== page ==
Who Invented Tennis?

A game of tennis during the time of King Henry VII. Rischgitz/Hulton Archive/Getty Images

The sport of tennis has a history spanning many cultures over thousands of years, with games of balls and rackets being played in various cultures from Neolithic times. There is evidence that ancient Greeks, Romans, and Egyptians played some version of tennis, and ruins from Mesoamerica indicate a particularly important place of ball games in their cultures. But court tennis  — called, alternately, real tennis and royal tennis in Great Britain and Australia — owes its start to a game played by French monks as early as the 11th century. 

The Beginnings of Modern Tennis

The French game was called paume (meaning palm); it was a court game where the ball was struck with the hand. Paume evolved into jeu de paume and rackets were used. By the time the game spread to England — Henry VII and Henry VIII were big fans — there were as many as 1,800 indoor courts. The Pope tried to ban it, to no end. Wood and gut rackets were developed by 1500, along with balls of cork and leather. 

But tennis in the days of Henry VIII was still a very different sport. Played exclusively indoors, tennis was a game of hitting a ball into a netted opening in the roof of the long and narrow tennis house. The net was five feet high on the ends, and three feet high in the center. 

Outdoor Tennis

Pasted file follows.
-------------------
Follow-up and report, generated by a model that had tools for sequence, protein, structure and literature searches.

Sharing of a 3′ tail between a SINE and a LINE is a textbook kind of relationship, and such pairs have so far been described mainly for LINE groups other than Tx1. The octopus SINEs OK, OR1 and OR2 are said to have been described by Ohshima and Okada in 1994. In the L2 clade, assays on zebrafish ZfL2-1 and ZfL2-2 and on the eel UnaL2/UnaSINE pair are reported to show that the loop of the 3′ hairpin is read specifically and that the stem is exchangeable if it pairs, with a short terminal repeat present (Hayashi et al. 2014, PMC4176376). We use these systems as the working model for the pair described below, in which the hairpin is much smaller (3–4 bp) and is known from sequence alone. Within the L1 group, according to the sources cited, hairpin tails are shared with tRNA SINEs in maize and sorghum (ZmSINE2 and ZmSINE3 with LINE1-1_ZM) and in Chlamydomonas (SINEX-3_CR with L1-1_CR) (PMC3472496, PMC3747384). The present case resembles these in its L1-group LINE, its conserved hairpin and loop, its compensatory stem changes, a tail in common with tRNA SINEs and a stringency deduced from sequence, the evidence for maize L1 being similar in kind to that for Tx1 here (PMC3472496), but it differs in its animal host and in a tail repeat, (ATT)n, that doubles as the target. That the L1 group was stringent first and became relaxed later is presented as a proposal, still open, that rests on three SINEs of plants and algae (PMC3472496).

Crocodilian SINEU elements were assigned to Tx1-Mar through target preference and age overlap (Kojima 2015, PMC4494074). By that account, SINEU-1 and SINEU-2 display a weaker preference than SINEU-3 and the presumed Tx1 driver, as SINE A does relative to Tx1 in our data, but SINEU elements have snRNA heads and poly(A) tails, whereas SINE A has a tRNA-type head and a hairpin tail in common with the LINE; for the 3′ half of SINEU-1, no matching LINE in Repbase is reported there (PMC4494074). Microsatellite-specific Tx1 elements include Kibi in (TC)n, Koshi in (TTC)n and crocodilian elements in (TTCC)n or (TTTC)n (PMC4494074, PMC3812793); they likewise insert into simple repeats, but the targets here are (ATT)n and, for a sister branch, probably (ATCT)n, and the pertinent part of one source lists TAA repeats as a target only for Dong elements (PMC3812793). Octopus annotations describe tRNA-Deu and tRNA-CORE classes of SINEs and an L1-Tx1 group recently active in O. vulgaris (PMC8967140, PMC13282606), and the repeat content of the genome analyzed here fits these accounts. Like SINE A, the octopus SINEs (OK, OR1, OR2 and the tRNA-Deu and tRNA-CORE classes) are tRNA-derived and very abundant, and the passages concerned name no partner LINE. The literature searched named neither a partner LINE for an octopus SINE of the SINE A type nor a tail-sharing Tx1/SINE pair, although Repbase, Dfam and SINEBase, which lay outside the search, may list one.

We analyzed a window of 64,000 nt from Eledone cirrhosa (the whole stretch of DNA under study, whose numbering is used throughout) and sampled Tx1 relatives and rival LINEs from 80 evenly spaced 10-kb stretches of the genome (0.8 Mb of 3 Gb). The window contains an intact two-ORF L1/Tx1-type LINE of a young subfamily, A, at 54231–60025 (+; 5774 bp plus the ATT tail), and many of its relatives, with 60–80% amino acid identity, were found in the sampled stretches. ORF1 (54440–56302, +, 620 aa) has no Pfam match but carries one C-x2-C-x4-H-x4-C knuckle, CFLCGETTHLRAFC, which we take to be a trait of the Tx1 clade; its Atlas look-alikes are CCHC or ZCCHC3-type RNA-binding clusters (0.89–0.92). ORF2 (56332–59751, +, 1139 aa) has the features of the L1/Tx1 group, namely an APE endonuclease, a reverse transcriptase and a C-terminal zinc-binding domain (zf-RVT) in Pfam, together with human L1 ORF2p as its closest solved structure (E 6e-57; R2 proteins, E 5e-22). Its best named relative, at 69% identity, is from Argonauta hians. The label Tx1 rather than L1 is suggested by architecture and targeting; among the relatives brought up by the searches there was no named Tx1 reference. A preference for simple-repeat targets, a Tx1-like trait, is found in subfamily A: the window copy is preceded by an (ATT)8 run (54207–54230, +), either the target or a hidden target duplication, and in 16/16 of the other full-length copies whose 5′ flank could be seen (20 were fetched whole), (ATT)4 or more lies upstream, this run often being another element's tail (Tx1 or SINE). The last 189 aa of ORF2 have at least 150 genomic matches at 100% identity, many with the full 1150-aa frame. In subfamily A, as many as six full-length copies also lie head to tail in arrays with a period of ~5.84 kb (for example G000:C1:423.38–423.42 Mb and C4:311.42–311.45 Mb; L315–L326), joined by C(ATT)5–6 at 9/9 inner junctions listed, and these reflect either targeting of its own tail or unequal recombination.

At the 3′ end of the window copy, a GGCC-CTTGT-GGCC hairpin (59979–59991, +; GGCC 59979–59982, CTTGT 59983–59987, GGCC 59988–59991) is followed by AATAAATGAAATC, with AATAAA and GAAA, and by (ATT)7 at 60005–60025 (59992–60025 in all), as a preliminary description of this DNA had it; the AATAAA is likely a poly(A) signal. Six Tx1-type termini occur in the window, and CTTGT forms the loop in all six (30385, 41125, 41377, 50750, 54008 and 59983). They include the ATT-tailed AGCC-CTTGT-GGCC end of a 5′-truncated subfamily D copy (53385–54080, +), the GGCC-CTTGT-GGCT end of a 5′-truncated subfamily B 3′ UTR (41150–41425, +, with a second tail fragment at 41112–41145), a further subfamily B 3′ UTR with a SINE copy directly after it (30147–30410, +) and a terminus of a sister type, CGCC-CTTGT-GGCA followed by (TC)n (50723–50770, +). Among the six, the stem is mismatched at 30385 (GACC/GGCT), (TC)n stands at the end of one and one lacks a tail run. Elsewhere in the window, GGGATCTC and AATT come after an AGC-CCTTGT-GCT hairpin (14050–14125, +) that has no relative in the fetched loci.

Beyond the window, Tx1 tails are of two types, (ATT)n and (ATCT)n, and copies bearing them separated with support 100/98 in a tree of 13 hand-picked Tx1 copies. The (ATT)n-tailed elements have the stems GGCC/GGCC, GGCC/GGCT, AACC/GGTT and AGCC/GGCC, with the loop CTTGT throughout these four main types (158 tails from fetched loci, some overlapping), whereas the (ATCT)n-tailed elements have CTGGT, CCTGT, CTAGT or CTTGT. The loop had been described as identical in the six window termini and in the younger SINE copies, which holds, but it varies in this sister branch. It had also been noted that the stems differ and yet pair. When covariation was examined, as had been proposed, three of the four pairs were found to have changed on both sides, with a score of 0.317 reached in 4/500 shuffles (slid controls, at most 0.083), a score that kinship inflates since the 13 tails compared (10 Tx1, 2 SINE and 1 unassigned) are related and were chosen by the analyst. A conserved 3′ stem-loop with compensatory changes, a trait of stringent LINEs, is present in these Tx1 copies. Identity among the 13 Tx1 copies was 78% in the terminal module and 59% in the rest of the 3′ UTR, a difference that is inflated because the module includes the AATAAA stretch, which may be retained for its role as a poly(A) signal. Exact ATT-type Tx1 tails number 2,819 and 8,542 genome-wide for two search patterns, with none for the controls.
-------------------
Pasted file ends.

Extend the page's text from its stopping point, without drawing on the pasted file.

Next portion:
While the popularity of the game had dipped by the 1700s, it was due for a major step forward in 1850 with the invention of vulcanized rubber. The hard rubber ball, applied to tennis, allowed for an outdoor game played on grass. The Londoner Major Walter Wingfield invented a game called Sphairistikè (Greek for "playing ball) in 1873, from which modern outdoor tennis evolved. Wingfield’s game was played on an hourglass-shaped court and created a sensation in Europe, the United States, and even China.

When adopted by croquet clubs, who, after all, played on acres of manicured lawns, the hourglass-shaped court gave way to a longer, rectangular one. So it was that, in 1877, the All England Club Croquet held its first tennis tournament at Wimbledon. The rules of this tournament set the template for tennis as it is played today. 

Or, almost: Women were unable to play at the tournament until 1884. Players also were expected to wear hats and ties, and service was exclusively underhand.